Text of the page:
Join Bill Shander for an in-depth discussion in this video Convert your data (the inevitable step you should always anticipate), part of Learning Data Visualization.
I think we can all agree that the world is not perfect. Your prom may not have lived up to your expectations. Your boss may not praise you frequency or enthusiastically enough, and sometimes maybe you get a flat tire even when it's raining out. But, I think overall, life works out just the way you needed to, most of the time, right? But, data visualization is going to be a huge disappointment to you in some ways, and that's in that the data almost never comes in a form that you need it in.
So even when you get data from your clients and they've already parsed it and filtered it, and deduped it and cleaned it, the fact of the matter is, it almost never comes in the form you need it in. So the fact is that it's part of your job when you're doing data visualization, it's a big part of the job in fact, to clean your data and to convert your data into forms you can use to do the job you need to do. In this movie, we're going to talk through a few of the ways that I find myself doing most commonly, you know, adjusting and converting and cleaning my data.
One of them is calculating indexes and ratios, which is a very core concept to understand. Another one is percentiles, aggregating data, and also regrouping data from the way you get it. And finally, converting from one form to another. For instance, from Excel or comma-delimited files into JSON or XML or MySQL, which are very common forms used for web programming. First, we're going to talk about calculating indexes and ratios. Most of the time, we find ourselves comparing apples and oranges data.
Calculating indexes and ratios are one way of taking data and converting it in a way that makes it easy to look at data side-by-side that isn't necessarily easy to do in the original form that it comes in. So what I have here is a bunch of data from the Bureau of Labor and Statistics. And starting off with the minimum wage, and so I have the minimum wage here from 1980 through 2013. And I also have some other data here, right, like the price of gas. How much do a gallon of gas cost in 1980 versus 2013? Or a dozen eggs or a loaf of bread or electricity.
So I'm just going to take these real quick and just generate a couple of line charts. So if I take the minimum wage, and I select the entire row and I generate a line chart. And you'll see more about how to generate line charts and other types of charts in the next movie. I can see that minimum wage has just pretty much gone up and up and up over the years, right? Sort of goes up, Congress doesn't change it for a while, goes up again, doesn't change et cetera. So there is an interesting looking graph already that is has the stepped form. Now if I do the same thing, let say with the price of gas, and generate a line chart.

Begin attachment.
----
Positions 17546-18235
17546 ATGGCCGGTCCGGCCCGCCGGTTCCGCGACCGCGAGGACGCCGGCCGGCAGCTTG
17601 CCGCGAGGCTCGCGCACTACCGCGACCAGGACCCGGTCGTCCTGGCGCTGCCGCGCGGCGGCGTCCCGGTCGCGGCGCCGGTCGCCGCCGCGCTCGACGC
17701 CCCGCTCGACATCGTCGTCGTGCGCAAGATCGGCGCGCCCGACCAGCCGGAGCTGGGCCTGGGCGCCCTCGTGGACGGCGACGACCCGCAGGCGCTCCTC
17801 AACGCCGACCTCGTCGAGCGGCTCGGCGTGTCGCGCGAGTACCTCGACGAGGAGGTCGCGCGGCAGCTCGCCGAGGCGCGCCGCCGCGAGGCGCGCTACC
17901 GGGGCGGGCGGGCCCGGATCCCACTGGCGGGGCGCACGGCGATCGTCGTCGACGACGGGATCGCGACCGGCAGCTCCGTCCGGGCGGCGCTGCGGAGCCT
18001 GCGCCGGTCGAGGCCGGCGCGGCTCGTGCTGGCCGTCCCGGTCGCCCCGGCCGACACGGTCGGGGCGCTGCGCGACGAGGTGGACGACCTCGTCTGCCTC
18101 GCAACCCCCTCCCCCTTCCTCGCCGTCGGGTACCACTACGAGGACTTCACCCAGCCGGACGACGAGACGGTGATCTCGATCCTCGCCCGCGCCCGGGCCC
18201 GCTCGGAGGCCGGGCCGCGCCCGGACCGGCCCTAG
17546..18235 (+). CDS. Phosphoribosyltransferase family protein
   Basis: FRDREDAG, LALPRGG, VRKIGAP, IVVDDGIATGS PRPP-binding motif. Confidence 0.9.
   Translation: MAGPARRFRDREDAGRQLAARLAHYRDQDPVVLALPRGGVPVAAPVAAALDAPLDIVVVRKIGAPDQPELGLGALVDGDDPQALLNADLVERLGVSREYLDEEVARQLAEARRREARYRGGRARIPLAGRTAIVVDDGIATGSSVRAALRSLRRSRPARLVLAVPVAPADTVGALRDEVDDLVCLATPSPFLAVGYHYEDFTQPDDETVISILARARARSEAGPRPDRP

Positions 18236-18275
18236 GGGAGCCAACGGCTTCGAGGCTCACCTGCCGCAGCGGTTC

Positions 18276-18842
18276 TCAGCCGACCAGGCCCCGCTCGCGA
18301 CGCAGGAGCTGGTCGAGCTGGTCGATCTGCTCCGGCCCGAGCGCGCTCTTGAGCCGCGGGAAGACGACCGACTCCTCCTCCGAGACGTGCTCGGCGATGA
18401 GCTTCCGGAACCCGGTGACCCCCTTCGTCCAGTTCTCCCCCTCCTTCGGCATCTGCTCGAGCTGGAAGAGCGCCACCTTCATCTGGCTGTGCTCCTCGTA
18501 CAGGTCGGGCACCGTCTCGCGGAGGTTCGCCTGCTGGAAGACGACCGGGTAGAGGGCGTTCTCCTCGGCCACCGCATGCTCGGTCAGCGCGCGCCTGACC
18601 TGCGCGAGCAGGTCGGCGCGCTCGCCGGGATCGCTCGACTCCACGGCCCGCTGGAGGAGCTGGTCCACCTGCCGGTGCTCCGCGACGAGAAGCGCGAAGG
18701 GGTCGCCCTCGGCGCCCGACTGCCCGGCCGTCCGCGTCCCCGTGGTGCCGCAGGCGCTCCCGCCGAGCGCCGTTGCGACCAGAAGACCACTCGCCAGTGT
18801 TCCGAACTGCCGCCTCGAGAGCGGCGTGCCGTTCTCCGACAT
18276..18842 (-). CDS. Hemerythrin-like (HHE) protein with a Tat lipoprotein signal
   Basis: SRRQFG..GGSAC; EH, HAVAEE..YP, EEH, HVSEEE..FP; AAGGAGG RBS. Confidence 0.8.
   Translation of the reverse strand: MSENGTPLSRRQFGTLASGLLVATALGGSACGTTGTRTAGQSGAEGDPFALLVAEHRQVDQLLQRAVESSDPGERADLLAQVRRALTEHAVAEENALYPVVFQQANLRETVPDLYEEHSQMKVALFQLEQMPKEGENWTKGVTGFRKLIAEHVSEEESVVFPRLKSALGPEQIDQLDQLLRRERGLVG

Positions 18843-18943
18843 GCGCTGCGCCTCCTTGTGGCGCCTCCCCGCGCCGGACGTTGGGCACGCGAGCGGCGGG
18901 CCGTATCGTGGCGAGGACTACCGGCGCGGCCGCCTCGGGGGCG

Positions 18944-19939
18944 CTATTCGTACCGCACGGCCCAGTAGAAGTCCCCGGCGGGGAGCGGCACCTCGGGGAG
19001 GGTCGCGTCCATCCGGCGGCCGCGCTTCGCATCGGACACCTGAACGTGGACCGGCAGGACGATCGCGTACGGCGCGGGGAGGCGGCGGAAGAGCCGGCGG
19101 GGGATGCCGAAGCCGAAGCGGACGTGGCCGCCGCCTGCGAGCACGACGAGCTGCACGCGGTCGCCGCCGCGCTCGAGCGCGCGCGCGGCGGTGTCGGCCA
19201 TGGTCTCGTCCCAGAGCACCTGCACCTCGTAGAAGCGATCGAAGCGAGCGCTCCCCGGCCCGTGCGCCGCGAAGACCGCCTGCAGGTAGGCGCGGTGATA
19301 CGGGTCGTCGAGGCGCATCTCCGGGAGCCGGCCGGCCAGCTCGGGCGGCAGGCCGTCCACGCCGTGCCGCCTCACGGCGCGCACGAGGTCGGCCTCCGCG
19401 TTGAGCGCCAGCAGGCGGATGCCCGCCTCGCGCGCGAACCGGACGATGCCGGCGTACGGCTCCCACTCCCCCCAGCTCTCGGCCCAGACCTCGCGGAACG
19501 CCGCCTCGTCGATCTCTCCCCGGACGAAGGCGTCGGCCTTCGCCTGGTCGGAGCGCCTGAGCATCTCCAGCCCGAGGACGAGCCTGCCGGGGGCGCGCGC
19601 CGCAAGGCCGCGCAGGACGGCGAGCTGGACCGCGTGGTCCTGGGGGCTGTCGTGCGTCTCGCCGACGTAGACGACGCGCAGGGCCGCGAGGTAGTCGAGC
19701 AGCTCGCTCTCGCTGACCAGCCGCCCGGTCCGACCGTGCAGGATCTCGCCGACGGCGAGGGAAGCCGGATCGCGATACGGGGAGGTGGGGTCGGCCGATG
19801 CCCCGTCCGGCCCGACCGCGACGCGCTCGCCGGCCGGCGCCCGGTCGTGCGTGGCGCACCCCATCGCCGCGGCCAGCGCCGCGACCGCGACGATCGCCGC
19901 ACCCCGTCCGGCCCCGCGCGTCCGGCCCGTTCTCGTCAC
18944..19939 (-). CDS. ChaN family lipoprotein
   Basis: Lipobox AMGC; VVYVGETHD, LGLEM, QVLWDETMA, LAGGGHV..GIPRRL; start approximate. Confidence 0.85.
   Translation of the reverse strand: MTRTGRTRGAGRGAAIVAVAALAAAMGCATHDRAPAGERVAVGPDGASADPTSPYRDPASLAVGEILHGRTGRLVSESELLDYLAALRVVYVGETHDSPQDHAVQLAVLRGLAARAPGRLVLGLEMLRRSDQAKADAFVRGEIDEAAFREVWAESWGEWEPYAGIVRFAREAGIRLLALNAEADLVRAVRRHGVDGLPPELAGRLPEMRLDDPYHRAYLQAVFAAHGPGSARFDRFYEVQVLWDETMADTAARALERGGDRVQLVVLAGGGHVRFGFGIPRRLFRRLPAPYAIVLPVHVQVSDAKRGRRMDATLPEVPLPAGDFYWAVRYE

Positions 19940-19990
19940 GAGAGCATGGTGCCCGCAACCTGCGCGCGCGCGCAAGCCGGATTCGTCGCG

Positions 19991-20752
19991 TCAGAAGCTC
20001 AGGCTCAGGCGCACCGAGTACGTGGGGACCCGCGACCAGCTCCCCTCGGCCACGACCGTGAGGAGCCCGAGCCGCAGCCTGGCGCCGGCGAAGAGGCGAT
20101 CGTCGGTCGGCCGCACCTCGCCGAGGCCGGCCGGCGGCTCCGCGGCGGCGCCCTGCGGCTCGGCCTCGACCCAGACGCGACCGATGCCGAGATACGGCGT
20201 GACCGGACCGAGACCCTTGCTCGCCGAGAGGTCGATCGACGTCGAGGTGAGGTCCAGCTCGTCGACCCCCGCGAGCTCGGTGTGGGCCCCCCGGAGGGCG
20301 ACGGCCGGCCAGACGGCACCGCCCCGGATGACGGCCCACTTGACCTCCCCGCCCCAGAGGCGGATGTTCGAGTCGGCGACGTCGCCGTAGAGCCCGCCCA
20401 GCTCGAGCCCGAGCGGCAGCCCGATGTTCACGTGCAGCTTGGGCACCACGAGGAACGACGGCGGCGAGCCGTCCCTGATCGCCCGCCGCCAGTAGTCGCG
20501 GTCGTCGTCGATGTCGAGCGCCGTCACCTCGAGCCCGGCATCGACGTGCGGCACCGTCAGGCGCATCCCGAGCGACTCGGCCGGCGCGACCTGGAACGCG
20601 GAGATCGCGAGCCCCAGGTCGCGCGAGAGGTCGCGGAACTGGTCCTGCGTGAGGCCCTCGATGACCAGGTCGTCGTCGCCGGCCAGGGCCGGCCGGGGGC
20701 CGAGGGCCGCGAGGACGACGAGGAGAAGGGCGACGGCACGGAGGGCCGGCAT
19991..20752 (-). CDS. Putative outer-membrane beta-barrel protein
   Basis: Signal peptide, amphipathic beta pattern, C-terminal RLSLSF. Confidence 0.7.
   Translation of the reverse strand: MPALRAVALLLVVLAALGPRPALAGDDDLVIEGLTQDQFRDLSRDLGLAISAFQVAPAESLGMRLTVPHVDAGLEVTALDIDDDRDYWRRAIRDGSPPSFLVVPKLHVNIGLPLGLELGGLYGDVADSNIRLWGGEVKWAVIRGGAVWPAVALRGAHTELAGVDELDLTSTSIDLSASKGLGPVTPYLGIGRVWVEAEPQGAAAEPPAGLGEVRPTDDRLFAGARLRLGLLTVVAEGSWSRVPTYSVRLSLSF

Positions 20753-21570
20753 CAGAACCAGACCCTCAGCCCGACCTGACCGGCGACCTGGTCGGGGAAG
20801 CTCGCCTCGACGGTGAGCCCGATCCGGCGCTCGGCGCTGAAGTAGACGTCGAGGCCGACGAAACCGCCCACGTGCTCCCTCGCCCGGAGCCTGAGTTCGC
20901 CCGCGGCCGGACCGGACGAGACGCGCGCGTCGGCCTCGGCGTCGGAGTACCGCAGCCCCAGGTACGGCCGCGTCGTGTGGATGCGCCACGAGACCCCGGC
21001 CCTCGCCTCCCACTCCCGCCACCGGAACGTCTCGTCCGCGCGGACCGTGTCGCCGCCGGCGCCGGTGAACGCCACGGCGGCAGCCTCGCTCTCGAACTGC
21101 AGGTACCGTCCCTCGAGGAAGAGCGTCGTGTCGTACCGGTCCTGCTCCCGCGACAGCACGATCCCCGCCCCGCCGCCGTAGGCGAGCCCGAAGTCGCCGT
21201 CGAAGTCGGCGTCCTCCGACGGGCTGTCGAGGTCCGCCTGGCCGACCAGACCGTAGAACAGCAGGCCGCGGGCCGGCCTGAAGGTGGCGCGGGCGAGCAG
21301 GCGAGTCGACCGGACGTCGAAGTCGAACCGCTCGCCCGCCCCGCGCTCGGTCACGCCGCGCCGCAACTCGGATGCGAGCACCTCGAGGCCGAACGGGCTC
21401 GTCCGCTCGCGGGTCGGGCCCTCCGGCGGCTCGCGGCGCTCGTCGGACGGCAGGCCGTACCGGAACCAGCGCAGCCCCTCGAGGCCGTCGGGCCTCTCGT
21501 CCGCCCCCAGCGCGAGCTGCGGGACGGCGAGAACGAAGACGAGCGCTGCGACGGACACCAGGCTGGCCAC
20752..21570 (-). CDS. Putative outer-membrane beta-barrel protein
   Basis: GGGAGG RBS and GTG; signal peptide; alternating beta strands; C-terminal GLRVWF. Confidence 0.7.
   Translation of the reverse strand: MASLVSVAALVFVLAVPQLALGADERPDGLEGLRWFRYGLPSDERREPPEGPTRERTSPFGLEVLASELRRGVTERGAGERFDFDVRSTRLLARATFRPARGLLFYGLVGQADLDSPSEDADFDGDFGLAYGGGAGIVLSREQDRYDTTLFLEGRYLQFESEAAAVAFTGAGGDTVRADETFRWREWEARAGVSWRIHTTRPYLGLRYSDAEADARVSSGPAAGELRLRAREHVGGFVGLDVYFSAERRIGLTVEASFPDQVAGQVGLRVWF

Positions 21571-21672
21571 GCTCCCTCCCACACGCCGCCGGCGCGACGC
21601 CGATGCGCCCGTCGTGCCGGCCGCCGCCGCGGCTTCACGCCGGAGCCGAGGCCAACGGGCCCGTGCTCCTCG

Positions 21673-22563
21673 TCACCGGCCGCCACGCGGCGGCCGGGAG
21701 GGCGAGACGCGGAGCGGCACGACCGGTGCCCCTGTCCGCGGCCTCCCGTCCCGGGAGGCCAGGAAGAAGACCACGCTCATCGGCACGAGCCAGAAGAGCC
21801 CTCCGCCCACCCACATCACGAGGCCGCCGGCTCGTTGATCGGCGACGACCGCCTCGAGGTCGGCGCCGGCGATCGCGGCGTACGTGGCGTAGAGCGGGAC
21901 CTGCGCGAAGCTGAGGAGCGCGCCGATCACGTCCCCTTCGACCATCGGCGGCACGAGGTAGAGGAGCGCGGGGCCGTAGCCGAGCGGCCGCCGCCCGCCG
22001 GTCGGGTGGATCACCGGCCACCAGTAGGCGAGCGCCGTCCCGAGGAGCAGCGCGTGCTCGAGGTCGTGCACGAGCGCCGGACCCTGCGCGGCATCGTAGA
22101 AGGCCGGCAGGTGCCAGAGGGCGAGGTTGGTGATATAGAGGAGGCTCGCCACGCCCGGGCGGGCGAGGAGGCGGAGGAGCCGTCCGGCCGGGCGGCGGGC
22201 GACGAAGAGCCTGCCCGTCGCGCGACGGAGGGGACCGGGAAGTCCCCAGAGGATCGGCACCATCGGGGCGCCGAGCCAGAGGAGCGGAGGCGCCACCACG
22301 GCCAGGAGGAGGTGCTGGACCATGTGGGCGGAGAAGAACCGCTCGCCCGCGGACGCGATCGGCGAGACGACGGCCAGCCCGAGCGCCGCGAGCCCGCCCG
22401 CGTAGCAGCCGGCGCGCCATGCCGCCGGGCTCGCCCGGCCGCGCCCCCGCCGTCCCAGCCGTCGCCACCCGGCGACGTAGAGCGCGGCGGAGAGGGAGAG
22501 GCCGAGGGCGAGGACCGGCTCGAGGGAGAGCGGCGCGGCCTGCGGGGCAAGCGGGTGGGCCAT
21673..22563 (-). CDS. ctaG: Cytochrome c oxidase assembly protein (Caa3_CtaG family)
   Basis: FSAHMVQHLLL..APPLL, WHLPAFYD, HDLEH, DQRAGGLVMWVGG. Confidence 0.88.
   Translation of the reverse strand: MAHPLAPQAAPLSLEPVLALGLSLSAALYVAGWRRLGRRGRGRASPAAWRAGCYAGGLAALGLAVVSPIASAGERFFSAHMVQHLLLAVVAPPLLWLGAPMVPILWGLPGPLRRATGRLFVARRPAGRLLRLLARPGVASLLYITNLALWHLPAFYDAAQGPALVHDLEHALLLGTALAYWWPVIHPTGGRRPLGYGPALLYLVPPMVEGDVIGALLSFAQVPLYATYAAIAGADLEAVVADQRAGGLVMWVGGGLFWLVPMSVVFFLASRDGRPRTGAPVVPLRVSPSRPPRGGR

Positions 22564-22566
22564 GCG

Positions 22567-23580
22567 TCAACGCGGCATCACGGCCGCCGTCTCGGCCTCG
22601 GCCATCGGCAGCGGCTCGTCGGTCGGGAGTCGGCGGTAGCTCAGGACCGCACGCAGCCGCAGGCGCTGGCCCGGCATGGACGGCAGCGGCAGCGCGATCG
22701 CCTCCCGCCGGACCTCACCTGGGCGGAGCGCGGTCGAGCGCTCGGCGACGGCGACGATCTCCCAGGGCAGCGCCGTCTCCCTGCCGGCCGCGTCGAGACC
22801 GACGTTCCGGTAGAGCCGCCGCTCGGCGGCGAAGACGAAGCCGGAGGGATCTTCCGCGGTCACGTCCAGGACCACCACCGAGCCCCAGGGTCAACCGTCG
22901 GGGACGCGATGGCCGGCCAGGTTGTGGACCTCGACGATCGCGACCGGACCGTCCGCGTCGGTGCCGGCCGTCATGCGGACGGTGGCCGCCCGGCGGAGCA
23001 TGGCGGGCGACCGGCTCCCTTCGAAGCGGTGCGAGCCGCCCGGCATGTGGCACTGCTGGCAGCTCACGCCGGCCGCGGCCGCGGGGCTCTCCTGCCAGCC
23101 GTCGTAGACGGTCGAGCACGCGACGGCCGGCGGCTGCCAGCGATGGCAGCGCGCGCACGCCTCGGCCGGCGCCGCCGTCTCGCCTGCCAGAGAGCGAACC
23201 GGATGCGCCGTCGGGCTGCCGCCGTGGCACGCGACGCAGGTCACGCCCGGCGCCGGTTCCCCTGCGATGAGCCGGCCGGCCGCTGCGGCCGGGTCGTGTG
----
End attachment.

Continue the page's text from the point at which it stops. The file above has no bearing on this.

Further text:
I can see price going up and up and up. So, I can already get the sense especially if I start doing more of these that okay, from 1980 to now, the numbers have just gone up. And so, I might ask myself, well, what does that really mean? Does that help me at all understand minimum wage, and how it's changed, and what impact it has on real people's lives? Not so much. What I really need to do, is start to look at comparisons and ratios of that data. What I've created here, is a ratio of wages to gas. So I've taken the value of minimum wage, and divided it by the price of gas, this is for 1980, and I get the number of gallons of gasoline I could buy on one hour's work of minimum wage in 1980.
Done the same thing for all the other data points here, and again for every year. And so if I chart that, instead of the numbers for the price of gas or minimum wage or these other things going up and up and up, I can see how the go up and down. So for instance, the price of gas, I could buy for a lot of years more and more and more gas over those years. And I'm guessing this is probably maybe the 1970s where, you know, my ability to buy gas on minimum wage maybe started to come down and down and down. And then fiscal crisis 2008 went back up again, and then down, and down, and down, and down.
Price of bread, I could buy sort of generally over all less, and less, and less bread over the years with minimum wage. So in addition to basic ratios, there's also indexes, and indexes are really interesting. First I'll explain how you create an index, and then I'll explain why you might want to do that. If you take the value of the ratio, so here I have how much gas I can buy on minimum wage. Now I take that number B14, and then I divide it by the maximum value of the entire range. So I want to find highest value, and by the way Excel has a nice function for that max, so max value of this entire row of data, divide this by this, and I get an index.
So I'm sort of dividing the numbers by themselves, and I can find for instance, with the price of gas, the strongest year, the year that I could buy the most gas on minimum wage, is always going to be indicated by the one at the max value, was in 1999. Sure enough I look at the chart here in 1999, is where the best year was. The worst year, of course was right around here or maybe here. Then sure enough, if I look at the index values, I see much lower numbers down here than I see the beginning. So why would I do this? If you think about it, there is a couple of reasons but the biggest reason is that, I'm comparing things that have different values.
So if I look at electricity at 58 versus gas at a ratio of 2.79, I can't compare them next to each other because those numbers have no relation to each other. If I do an index, they're all related to the numbers, somewhere between zero and one. I'll show why. If I do a chart, of all of these ratios, and I put it on a single line chart, I'm going to get a chart that has all these lines, most of which are bunched here down at the bottom because they're all closer in value, right. The twos, and the six and three and the zeroes, they're kind of near each other here at the bottom.